Friday, 16 April 2010

aunt hermine

Aunt Hermine is the only 94 year old I know whose hair never turned grey.
It was once striking, a pile of wonderful, chestnut brown shiny hair, like my grandmother's. The colour has faded and dulled, but not a wisp of grey. Unusual.

Aunt Hermine is unusual, she is a real character. My mum's eldest sister. Had she been young now she would have been someone to reckon with. A rock-bitch, a powerful business woman, a high class madame. Something outrageous.

Her husband, uncle Ad, a little younger, 88, but by no means a toy-boy. Never was - always the dependable, solid, slightly boring accountant. As kids we thought the most interesting thing about him was his glass eye.
He is said to be 99% blind now, so what does the 1% eyesight amount to?

Femke and I almost slunk away after ringing the bell. We waited for what seemed ages and were just deciding what to do now, when uncle Ad's voice came through the intercom, wanting to know who was there.
'Surprise! Your nieces, Femke and Katie.' Silence. 'Can we come in?'
'Suppose so' he says gruffly, as if we turn up on their doorstep every day. Haven't seen them for years.......
By the time we make it through the building's front door, reception, corridors, lifts etc they have regained some kind of composure and are standing at their open door.
I realise now, uncle Ad can't have seen us coming, aunt Hermine looked agitated and somewhat cross.
They were actually both dead pleased but taken off guard and our aunt always needs to be in charge.
10 years senior to my mum, who was in awe of her all her life. She used to terrify us when we were small but look at her now - a frail,old, bird-like lady.

She goes straight for the kill.
Her sharp beady eyes don't miss a trick and before we have our coats off she is interrogating us. Wanting to know about our families, our love lives, jobs and journeys.
It is amazing what she knows and remembers, as if we are all very much part of her life, she still wants to boss us around.
She cares. In her own obtrusive way, she is letting us know we are important to her.
And for the second time today I feel a pang of remorse. Family;  we too are responsible for these people, we share the same genes - I look at my aunt and see some of my mum. Tears well up.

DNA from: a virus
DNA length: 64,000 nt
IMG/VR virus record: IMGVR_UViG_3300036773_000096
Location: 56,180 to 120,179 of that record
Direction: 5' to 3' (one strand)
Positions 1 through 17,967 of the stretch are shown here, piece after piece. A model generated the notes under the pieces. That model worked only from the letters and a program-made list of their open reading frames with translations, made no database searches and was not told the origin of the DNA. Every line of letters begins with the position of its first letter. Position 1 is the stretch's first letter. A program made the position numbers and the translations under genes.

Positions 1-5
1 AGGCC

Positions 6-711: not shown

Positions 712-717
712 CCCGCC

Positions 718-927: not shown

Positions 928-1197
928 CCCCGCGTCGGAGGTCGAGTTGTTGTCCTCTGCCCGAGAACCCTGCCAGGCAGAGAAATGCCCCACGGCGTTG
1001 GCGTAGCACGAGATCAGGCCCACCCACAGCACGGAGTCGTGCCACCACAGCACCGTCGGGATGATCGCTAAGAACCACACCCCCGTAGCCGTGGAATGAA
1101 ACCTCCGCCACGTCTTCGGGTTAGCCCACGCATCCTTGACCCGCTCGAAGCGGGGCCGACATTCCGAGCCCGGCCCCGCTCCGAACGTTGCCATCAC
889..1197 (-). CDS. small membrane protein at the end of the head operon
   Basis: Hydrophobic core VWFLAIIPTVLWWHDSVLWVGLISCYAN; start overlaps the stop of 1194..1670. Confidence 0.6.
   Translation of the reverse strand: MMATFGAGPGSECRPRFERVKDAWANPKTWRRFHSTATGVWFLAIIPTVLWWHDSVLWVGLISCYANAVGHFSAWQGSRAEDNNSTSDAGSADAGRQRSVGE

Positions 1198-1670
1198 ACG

Aunt Hermine must have been thinking along the genes line too when she approvingly remarked on Femke's bust and then sharply turns to me, pointing an accusing bony finger at my décolleté:
'And you' she says, 'aren't you done with that by now?'
Huh?  I look down to check my bosom, surely not that tacky?  A sideways glance at uncle Ad, he has an amused expression on his face. Ah, I'm sure he'd give an arm an a leg if he could see my, or anyone else's, cleavage.
 It is something short of a miracle the two of them are still together after more than sixty years. Uncle Ad could never curb Aunt Hermine's passion and waywardness, instead he turned a blind eye. No pun intended, but fitting, it seems.
And as the saying goes, an old fox never loses its tricks. Layed out on the table are aunt Hermine's water colours. The tubes twisted and the paint dry. She proudly talks of her arts teacher, the one she never met, the lessons are conducted by mail.
She is in love with him. She doesn't use those words but she doesn't have to.
It shows.
She casts a defiant look at us. Dare say she is a fool, too old to be in love, to be desirable.

Ah, aunt Hermine, she looks me straight in the eye and knows I know.
My heart goes out to her but I am proud of her, too. Till the very end, she won't give in, comply or deny who she is.
She will live her life, regardless of the waves, with what I can only call a wicked relish.

Our two aunties. Two very different women. Both special and worthwhile.

Femke and I drove back musing about the day, what took us so long to make the effort and how good it was to see them again.
We too had been surprised. We were impressed.

Funny how you sometimes overlook things, people, when they are right in front of you.
If only you could focus on what really matters.

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